Sidney Poitier’s roles led the way in rising above menial Afro characterization. In No Way Out (1950), he is a doctor; in A Raisin In the Sun (1961), he is a white collar worker; in The Long Ships (1963), a Moorish king; in To Sir With Love (1965), a Guyanese immigrant teacher; and in In The Heat Of the Night (1967), an ace homicide detective, etc.
Poitier’s individual screen effect was clearly geared more to raising the social and employment status of the average Afro American in real life, rather than creating protégés in cinematic work. For this reason he is a good example who proves the social relevance of Hollywood films between the 1930s and 80s for Guyanese society. It is worth noting here that the interest of Hollywood actors in real societies between the 1930s and 60s, is reflected in the visits to British Guiana’s capital, Georgetown, of outstanding film-stars like Charlie Chaplin, John Garfield, Spencer Tracy, Tyrone Power and his wife Annabelle, Cary Grant, Danny Kaye, Lillian Gish, Myrna Loy, Rita Hayworth, Mel Ferrer, Anthony Perkins, among others.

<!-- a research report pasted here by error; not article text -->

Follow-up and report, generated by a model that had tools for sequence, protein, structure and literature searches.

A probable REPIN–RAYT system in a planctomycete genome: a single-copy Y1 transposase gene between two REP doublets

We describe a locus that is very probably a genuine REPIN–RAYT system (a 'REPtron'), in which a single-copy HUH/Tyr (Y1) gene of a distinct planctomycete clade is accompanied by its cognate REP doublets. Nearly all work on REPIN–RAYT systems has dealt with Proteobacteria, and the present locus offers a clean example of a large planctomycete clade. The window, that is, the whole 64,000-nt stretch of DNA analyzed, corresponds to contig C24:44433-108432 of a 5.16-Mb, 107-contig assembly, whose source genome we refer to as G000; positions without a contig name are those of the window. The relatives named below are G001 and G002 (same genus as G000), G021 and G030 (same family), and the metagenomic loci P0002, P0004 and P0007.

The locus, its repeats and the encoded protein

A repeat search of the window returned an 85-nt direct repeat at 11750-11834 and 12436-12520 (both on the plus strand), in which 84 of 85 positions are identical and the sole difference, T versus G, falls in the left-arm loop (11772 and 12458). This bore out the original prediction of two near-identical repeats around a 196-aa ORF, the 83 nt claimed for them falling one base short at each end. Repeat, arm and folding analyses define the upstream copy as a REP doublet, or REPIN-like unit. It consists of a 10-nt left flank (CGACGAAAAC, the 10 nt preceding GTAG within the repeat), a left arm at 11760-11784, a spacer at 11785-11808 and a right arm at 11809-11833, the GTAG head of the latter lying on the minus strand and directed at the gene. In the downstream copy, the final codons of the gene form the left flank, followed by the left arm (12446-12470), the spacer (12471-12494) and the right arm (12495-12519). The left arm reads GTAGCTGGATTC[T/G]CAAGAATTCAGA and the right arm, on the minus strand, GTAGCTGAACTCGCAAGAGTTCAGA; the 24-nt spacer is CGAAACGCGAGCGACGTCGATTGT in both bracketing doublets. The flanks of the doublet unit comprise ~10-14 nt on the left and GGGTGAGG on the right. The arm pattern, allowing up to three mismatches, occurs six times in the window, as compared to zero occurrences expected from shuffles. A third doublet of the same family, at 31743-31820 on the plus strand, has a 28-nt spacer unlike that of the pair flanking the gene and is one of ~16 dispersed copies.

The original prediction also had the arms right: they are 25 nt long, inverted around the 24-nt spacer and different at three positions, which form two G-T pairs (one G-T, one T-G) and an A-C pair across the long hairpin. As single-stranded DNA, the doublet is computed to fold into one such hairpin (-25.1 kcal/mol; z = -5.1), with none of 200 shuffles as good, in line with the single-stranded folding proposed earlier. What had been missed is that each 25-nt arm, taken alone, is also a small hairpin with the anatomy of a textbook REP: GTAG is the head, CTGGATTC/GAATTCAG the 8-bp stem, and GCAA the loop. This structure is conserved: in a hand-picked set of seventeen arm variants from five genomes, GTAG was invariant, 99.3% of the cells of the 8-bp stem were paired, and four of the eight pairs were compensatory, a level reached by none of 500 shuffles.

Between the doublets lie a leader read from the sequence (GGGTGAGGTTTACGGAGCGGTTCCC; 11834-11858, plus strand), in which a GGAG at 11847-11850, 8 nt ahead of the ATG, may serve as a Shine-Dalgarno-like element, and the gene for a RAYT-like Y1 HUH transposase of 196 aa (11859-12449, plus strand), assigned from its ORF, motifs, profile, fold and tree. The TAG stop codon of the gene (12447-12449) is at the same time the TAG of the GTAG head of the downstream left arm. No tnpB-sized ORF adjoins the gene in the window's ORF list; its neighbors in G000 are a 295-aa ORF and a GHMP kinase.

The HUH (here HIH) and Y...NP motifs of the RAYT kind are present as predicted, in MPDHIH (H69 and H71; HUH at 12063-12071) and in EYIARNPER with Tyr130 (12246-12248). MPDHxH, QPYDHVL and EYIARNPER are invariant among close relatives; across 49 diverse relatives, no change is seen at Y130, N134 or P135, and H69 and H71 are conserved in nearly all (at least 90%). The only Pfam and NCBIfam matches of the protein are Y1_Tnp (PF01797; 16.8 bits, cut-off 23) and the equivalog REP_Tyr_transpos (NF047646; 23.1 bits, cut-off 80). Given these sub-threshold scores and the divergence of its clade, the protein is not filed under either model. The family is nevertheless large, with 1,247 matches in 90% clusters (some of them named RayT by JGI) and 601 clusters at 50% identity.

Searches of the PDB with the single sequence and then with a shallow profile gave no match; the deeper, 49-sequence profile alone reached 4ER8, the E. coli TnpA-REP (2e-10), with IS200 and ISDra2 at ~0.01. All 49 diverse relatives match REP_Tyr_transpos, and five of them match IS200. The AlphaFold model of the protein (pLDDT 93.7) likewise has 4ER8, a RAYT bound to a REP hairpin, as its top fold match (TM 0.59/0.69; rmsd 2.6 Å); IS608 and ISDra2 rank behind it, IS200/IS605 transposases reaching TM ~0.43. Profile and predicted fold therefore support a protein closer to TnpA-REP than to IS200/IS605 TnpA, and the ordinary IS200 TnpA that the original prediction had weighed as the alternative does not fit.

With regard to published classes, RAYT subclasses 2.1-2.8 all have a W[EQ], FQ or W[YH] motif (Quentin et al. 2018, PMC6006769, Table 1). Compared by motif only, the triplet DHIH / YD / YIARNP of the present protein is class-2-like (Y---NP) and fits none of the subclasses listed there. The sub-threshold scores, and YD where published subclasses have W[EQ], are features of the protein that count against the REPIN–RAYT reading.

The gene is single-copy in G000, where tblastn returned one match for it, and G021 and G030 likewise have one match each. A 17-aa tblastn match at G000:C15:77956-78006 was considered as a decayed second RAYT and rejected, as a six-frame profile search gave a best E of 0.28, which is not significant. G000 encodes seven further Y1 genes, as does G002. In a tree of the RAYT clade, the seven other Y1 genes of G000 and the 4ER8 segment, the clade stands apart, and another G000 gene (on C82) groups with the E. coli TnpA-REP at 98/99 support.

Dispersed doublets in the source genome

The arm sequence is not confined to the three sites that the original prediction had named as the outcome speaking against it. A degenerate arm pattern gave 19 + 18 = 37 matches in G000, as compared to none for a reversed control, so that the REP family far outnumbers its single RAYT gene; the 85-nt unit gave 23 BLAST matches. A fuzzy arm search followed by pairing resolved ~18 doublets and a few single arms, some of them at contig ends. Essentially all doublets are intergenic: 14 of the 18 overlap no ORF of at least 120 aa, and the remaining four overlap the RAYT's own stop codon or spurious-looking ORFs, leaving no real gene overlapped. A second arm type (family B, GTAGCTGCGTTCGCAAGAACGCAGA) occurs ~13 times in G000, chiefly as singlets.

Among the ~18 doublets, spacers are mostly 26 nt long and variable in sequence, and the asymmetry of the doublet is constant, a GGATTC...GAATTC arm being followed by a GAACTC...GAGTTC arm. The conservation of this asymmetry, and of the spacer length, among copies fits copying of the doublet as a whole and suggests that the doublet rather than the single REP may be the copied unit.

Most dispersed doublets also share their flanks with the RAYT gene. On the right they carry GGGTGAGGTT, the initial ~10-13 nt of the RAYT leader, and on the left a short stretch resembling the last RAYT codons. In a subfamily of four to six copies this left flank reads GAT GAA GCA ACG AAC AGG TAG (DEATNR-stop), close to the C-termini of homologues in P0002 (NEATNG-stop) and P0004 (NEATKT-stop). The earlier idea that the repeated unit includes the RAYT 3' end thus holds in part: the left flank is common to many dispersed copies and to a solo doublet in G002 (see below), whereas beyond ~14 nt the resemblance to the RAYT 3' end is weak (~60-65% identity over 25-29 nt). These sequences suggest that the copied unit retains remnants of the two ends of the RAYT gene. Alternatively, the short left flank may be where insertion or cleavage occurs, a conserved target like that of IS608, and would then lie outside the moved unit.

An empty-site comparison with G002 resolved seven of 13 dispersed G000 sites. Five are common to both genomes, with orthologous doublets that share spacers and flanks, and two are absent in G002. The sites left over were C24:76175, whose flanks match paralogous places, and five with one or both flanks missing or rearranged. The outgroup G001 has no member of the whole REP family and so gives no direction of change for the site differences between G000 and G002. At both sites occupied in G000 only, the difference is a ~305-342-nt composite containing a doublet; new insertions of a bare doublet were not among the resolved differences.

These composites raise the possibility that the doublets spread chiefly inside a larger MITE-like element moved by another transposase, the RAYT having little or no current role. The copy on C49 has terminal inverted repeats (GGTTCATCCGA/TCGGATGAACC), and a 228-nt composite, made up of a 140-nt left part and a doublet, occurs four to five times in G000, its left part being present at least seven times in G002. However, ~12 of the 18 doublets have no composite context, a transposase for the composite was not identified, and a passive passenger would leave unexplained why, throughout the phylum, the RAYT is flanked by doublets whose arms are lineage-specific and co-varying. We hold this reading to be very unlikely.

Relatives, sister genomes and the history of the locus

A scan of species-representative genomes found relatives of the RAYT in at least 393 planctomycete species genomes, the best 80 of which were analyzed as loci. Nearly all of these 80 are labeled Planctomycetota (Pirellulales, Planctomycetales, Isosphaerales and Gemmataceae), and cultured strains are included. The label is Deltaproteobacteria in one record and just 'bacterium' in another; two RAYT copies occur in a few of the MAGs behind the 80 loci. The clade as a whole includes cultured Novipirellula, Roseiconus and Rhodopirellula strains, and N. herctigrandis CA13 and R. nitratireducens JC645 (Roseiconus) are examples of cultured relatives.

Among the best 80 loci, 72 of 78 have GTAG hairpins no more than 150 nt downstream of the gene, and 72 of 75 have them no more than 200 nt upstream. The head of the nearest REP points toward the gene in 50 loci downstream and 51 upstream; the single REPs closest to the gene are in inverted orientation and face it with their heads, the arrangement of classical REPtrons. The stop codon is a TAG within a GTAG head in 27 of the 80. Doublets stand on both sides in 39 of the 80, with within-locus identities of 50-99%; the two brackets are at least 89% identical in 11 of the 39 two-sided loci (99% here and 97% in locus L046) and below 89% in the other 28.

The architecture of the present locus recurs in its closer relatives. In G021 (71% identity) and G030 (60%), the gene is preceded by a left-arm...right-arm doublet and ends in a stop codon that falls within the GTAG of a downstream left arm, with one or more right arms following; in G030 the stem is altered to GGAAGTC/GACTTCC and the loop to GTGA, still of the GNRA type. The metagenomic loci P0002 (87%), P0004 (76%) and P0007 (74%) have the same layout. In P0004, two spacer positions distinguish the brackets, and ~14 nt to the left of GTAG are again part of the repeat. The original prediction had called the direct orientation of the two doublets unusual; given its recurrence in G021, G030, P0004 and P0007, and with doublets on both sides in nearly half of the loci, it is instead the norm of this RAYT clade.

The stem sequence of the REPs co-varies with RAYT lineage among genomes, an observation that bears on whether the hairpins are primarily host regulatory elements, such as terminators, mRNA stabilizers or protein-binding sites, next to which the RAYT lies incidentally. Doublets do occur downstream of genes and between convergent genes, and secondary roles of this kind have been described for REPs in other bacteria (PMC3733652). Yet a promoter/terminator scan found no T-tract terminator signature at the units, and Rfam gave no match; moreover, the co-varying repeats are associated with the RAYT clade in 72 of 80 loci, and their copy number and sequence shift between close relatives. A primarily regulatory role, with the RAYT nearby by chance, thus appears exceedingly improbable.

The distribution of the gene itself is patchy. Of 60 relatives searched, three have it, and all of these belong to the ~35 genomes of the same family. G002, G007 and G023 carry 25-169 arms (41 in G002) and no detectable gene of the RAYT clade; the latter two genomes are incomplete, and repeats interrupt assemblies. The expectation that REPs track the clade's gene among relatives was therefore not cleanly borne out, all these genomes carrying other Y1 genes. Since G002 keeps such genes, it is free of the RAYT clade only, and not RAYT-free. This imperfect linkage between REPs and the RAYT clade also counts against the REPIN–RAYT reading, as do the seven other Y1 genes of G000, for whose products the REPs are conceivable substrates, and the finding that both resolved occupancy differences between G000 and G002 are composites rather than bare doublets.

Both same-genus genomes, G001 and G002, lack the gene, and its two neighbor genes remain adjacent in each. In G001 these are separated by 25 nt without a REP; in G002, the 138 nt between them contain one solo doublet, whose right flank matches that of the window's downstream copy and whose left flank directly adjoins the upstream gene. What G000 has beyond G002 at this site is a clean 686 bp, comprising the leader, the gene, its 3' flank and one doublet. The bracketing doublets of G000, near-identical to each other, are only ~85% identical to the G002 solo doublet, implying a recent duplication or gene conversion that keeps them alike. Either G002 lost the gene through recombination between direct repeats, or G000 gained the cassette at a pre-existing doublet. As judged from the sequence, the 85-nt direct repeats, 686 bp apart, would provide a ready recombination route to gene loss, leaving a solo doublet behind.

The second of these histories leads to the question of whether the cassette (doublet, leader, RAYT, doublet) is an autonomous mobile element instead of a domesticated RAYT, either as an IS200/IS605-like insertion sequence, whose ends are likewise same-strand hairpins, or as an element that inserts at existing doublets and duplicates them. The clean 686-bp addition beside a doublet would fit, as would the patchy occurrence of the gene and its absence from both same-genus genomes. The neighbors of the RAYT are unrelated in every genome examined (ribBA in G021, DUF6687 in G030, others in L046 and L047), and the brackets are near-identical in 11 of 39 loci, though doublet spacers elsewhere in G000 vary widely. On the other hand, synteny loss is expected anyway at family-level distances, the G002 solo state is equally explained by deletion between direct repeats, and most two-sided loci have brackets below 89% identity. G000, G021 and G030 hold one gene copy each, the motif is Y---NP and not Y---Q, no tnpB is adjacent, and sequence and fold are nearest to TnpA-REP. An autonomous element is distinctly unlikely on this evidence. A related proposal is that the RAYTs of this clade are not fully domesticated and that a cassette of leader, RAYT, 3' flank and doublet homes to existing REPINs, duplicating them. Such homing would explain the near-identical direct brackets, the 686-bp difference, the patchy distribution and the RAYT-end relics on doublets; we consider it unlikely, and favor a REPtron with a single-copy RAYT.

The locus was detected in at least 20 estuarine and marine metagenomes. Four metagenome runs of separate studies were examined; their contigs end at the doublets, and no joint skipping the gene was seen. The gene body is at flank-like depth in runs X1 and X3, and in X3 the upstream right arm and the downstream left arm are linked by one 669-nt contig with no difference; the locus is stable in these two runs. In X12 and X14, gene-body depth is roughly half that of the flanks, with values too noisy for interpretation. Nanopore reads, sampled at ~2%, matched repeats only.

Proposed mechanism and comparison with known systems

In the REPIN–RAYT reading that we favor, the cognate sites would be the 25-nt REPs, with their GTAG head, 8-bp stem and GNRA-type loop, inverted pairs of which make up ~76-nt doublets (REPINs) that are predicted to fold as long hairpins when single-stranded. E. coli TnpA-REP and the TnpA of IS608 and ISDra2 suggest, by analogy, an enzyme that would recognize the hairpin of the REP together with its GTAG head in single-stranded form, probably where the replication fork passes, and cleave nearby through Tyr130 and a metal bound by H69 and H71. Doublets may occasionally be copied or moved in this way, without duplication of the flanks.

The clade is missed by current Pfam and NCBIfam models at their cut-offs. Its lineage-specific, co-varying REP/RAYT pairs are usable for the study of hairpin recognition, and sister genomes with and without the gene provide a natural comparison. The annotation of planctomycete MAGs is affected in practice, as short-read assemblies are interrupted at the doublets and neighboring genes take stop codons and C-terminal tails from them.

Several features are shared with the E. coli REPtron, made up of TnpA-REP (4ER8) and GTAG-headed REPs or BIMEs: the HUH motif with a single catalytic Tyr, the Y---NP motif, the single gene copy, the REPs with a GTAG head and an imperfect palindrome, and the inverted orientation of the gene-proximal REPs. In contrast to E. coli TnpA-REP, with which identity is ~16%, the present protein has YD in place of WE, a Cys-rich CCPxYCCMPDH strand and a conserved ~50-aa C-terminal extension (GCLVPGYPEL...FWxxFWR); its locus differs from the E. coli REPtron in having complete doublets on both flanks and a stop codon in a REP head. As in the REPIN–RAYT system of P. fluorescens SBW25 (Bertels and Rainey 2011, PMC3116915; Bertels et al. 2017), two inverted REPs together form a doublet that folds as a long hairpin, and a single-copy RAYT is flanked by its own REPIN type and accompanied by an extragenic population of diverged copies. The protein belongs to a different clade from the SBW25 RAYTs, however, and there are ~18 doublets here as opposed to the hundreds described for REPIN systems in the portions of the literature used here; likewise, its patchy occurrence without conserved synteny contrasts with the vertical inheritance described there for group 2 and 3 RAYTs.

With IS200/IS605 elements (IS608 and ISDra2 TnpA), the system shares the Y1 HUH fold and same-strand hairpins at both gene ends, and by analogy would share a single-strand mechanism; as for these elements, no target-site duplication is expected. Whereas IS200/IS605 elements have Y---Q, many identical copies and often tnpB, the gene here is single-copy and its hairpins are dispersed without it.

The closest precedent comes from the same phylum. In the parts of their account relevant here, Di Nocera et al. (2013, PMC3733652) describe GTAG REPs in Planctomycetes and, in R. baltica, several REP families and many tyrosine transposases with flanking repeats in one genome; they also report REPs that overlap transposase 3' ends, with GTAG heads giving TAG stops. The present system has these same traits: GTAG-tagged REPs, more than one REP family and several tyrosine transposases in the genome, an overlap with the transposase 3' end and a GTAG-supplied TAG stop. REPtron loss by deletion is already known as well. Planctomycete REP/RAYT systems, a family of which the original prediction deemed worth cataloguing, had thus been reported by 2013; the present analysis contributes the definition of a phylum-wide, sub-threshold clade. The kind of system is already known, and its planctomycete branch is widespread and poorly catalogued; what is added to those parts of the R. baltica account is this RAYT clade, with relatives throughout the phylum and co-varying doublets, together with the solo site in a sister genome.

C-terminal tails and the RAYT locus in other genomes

One lesson that emerges from these films of the past (if such a lesson were projected unto films made by Guyanese in the future) is to avoid biased, one-sided depictions of Guyanese society. For example, no one race or ethnicity would appear, nor no one neighborhood, type of house, dwelling, architecture, geographic landscape, interior design, clothes or fashion, reflecting one-sided topics of poverty, destitution, crime, etc.
The artist’s viewpoint, which remains an individual voice and not a mouthpiece for grudges or backlashes, is concerned with creating a balanced truth for film viewers, and would not deny that Guyanese society has intellectuals, painters, beautiful fashionable females of all races and mixtures, film buffs, readers of the world’s classic literature, beautiful streets, gardens, cafes, etc.
And by showing this, establish local social relevance, even if others (especially foreigners) consider this a false depiction because no negative stereotypes were wallowed in by Guyanese artists. One reason why classic Hollywood films were appreciated in previous Guyanese society was because even its sets of beautiful houses, rooms, yards, bedrooms etc., made those without such environments aspire to create it for themselves. From screen to reality became a benign ideal offered by numerous pertinent films with such content.